Beach Reading

Every year, dozens of places release their “beach reading” lists or thinkpieces about beach reading come out of the woodwork for the summer season. Many of them cause some amount of eye rolling.

We recently received an email from Reader Big K:

I saw this piece in the Boston Globe, and I thought I’d check it out to look for some books for an upcoming vacation.

Categories included: literature, non-fiction, mysteries, and sports. Seriously? I love three of those four categories, but if you are going to break down summer beach reading past fiction and non-fiction, I need the Globe to include romance. To add insult to injury, at least a couple of the books in the “literature” category are sci-fi/fantasy, but NONE of them seem to be romances. I apologize if you did this already and I missed it, but would you please send out a list of beach reads for the summer? The Blue Castle, for instance, which you guys just reviewed, would be a great beach read. My sister and I read that one every year. Ilona Andrews’ last book in her most recent series is coming out in August, so people could read the first two and then devour the last one. 🙂

I’m going to write the Globe now — sports but no romance? Are we still having this conversation?

Sarah: I’ve talked about this before, and it’s never a problem to mentally project myself onto a beach and ask myself, “What do you feel like reading?”

I love beaches, and I love reading, so really, I can play this game all day long. For me, a beach read is almost always a romance (guaranteed HEA all the way!) and is usually one that’s funny or on the lighter side, without a lot of dark emotional angst or wrenching tragedy. I don’t read that on a normal day, so I’ve schlepped myself to a sandy, waterfront location, and remembered the sunscreen, I don’t want to cry and worry and get anxious.

Now that I think about it, and I’m pretty sure I’ve mentioned this before, I have a few very vivid memories of the beach in New Jersey, and the ocean trying to eat my library copy of Rising Tides by Nora Roberts.

Atlantic Ocean: You want Rising Tides? Yeah? I’ll show you rising tides. Fuggedabahadit.

Most of Nora Roberts’ contemporaries (not the suspense and not the ParaNoras) were my go-to beach reading when I was younger. I’d borrow at least one trilogy from the library and read straight through. I remember reading the Chesapeake trilogy (before it became a quartet) in a beach chair, and the Born In series as well – plus Naked in Death ( A | BN | K | G | iB | Au ), back when my brain wasn’t so easily undone by entrails, suspense, violence, and murder.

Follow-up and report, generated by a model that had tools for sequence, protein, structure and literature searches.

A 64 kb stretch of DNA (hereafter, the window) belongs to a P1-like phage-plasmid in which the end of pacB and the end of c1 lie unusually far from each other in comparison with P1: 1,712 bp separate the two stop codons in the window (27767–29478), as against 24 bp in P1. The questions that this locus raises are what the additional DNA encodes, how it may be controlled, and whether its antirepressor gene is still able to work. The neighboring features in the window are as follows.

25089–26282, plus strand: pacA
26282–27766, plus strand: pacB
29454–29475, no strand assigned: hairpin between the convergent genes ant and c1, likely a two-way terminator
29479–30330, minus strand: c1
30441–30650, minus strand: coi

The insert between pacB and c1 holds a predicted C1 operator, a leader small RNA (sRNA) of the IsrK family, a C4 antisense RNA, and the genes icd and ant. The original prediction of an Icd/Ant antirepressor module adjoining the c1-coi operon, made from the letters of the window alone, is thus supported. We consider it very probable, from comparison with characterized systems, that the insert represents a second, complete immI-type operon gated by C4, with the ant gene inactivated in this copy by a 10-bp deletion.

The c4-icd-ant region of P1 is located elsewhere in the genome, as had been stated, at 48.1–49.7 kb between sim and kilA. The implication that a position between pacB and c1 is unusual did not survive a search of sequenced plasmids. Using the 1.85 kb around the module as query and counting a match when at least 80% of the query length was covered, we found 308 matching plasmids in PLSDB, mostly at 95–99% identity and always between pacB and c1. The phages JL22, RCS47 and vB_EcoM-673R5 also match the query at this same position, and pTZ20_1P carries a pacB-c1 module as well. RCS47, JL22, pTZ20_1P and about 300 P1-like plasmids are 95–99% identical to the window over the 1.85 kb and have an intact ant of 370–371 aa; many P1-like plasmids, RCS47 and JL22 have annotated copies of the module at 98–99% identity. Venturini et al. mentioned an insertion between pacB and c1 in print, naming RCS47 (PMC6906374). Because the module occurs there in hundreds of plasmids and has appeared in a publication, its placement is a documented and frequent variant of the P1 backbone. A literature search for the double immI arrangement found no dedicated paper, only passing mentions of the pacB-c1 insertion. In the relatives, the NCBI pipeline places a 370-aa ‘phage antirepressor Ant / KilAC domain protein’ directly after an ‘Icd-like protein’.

A good beach read is one that I can dip in and out of easily (again, like the ocean), and my preference is for comedy with excellent dialogue and smart characters doing intelligent things. There’s a considerable amount of overlap in my “comfort reading” and “beach reading” requirements, in part because both are indulgences with a specific task in mind: relaxation.

So for my recommendations, here are a few:

No surprises here: Act Like It and Pretty Face by Lucy Parker ( A | BN | K | iB ). I’ve re-read them many times, and am still charmed.

Kate Noble’s Summer of You ( A | BN | K | G | iB ) is still one of my favorite historicals, and it says ‘Summer’ right there in the title. IT’S A SIGN.

And most recently, Shelly Laurenston and the Call of Crows series ( A | BN | K | G | iB | Au ) were great beach reads, in part because of the unabashed silliness of some of the crows, and the inspiration that I derive from watching women kick all kinds of ass together.

Elyse – would you recommend Jennifer McQuiston’s Summer is for Lovers, for historical beach reading?

RHG: This past weekend, I was at Nahant beach reading Petra Durst-Benning’s The American Lady ( A | BN ), the second book in the Glassblower Trilogy recommended at our Reader Rec Party at RT. Would recommend! (Honestly, I brought three books with me, because what if I didn’t like one? I do not bring my kindle to the beach, not even in a plastic bag.)

I agree that a beach read needs to be light, both in density and angst. The beach is a distracting place. At the beach I regularly go to, there’s usually at least three soccer games going, with some fine specimens of humanity, (shirts optional). You have to be prepared to defend your snacks against marauding seagulls. There’s also swimming! These are all very distracting things, so I can’t take something that is going to require concentration. And I often want something on the happier side of things, because the beach is happy place.

So I would suggest Sarah MacLean’s Numbers series ( A | K | G | iB | Scribd ) or Tessa Dare’s Spindle Cove ( A | BN | K | G | iB | Au ) or something by Caroline Linden or Lauren Willig’s Pink Carnation series ( A | BN | K | G | iB ).

Remember your sunscreen!

Amanda: I am not a fan of the beach. It’s hot. Bathing suits are uncomfortable. Sand gets in every crevice. Bringing a book is the one solace I get, being able to do something I enjoy while trying to fight being miserable.